The article about Defiance on ScriptPhD is not credited or dated but I’m assuming it was posted in the last few months,

ScriptPhD.com was very honored to have the opportunity to sit down with both series writer and co-creator and executive producer Michael Taylor, as well as the show’s scientific advisor Kevin Grazier, to get a better idea of the characters, storyline and what we can expect going forward.

Taylor, also a series writer and producer on breakout SyFy hit series Battlestar Galactica, was involved in the early development of the series, which took over one and a half years to re-conceptualize and bring to the small screen from its initial concept. “Keep in mind, the original draft [of the pilot] was very different,” Taylor says. “The Chief Lawkeeper role was prototyped as this older, wry Brian Dennehy-type of character, for example. Irathient warrior Irisa was more of a wide-eyed, naïve girl than she is in the current version. We even had about two to three episodes of the series done. But as we went along, we were finding it hard to keep thinking up episodes from week to week.” Which is when the series went back to the drawing boards.

And reimagine the series they did! Unlike the vast majority of sci-fi shows, which explore the process of warring factions integrating and co-existing, in Defiance, this has already occurred, something that Taylor calls a “cool experiment.” “The 30-year-war has already been fought, all that stuff is long in the past,” Taylor reminds us. “And now we are at the point where the 8 races are trying to co-exist together. …

As for integrating the video game concept, it predated the show by five years, which allowed writers to establish stories and character development that will happen separately from, albeit concurrently with, the action in Defiance onscreen. …

“We’ve seen time and time again small plot points that have become little tidbits, or plot points or even major points driving an episode when you get the science right,” Grazier notes. “Caring about the science [in a series plot] can be as much of a strength as it is a constraint.”

And while it’s true that the science of Defiance does seem a bit less obvious or upfront than in shows like BSG or Eureka, it’s no less important nor is it any less incorporated. “We have a really rich, really well thought-out backstory, and that is very much informed by the science,” Grazier says. “We know that the V-7 [Votan] races came from the Votan System. What happened to their system? Well, we have that [mapped out], we know that.” He also pointed to subtle implications such as in the first few minutes of the pilot. When Irisa looks up at the sleeper pods, she says, “All those hundreds of years in space just to die in your sleep.” Grazier notes: “The subtle implication is that the V-7 aliens don’t go FTL [faster than light]. So we have figured out where they’re from and how far away they’re from and which direction of the sky they’re from and how long it took to get here.”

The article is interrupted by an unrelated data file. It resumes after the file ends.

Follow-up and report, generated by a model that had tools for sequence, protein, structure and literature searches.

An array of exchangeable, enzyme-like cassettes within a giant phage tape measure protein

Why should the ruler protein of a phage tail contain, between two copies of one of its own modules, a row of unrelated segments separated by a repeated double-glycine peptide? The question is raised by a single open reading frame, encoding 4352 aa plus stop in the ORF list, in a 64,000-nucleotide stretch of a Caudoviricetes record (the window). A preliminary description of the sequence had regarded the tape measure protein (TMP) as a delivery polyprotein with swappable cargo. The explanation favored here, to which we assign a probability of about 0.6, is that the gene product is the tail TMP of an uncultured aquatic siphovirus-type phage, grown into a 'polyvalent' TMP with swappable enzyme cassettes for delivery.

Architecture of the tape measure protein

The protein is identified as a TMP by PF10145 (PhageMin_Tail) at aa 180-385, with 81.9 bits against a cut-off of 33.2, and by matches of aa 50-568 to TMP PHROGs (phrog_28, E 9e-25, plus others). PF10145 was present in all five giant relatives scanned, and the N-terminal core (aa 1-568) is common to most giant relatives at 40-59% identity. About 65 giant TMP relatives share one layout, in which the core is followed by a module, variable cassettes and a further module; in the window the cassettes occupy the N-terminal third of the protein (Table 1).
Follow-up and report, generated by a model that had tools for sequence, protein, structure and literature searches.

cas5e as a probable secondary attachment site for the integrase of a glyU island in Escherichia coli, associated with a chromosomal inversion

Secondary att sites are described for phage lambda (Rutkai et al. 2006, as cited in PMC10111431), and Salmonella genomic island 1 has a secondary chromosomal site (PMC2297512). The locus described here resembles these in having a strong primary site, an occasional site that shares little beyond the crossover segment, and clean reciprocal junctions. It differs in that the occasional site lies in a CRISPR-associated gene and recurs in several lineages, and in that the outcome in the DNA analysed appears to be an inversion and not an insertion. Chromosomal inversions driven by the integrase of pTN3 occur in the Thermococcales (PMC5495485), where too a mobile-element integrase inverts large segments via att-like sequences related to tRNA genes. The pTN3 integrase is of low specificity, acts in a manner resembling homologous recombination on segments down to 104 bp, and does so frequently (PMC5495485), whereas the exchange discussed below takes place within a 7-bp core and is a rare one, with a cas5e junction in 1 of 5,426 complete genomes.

In addition to its elemental role in the backstory, science has also also had fun ‘little’ moments in the show, like the importance of the terrasphere in defending the Volge attack in the pilot or the hell bugs (a genetic amalgam of several earth critters) in episode 3. Some of these small scientific details were even able to result in cool visual effects. For example, when the table of writers was discussing the ark falls, Grazier, an astrophysicist by training, noted that the conservation of angular momentum meant that these things would not land vertically, but rather horizontally, using the screaming overhead comets in Deep Impact as a touchstone. Sure enough, in the first few minutes, you see Nolan and Irisa tracking what’s about to be an ark fall and you see them screaming overhead. “That will, by the way, come into play in a later episode,” Grazier teases. “We know where the ark belt is. Where the ships were when they blew up, how far away they are.”

Sadly, I couldn’t find any details about Defiance’s nanotechnology aspects but both the articles I’ve excerpted feature intriguing science and insider information.

Canadian filmmaker Chris Landreth’s Subconscious Password explores the uncanny valley

I gather Chris Landreth’s short animation, Subconscious Password, hasn’t been officially released yet by the National Film Board (NFB) of Canada but there are clips and trailers which hint at some of the filmmaker’s themes. Landreth in a May 23, 2013 guest post for the NFB.ca blog spells out one of them,

Subconscious Password, my latest short film, travels to the inner mind of a fellow named Charles Langford, as he struggles to remember the name of his friend at a party. In his subconscious, he encounters a game show, populated with special guest stars:  archetypes, icons, distant memories, who try to help him find the connection he needs: His friend’s name.

The film is a psychological romp into a person’s inner mind where (I hope) you will see something of your own mind working, thinking, feeling. Even during a mundane act like remembering the name of an acquaintance at a party, someone you only vaguely remember. To me, mundane accomplishments like these are miracles we all experience many times each day.

Landreth also discusses the ‘uncanny valley’ and how he deliberately cast his film into that valley. For anyone who’s unfamiliar with the ‘uncanny valley’ I wrote about it in a Mar. 10, 2011 posting concerning Geminoid robots,

It seems that researchers believe that the ‘uncanny valley’ doesn’t necessarily have to exist forever and at some point, people will accept humanoid robots without hesitation. In the meantime, here’s a diagram of the ‘uncanny valley’,

From the article on Android Science by Masahiro Mori (translated by Karl F. MacDorman and Takashi Minato)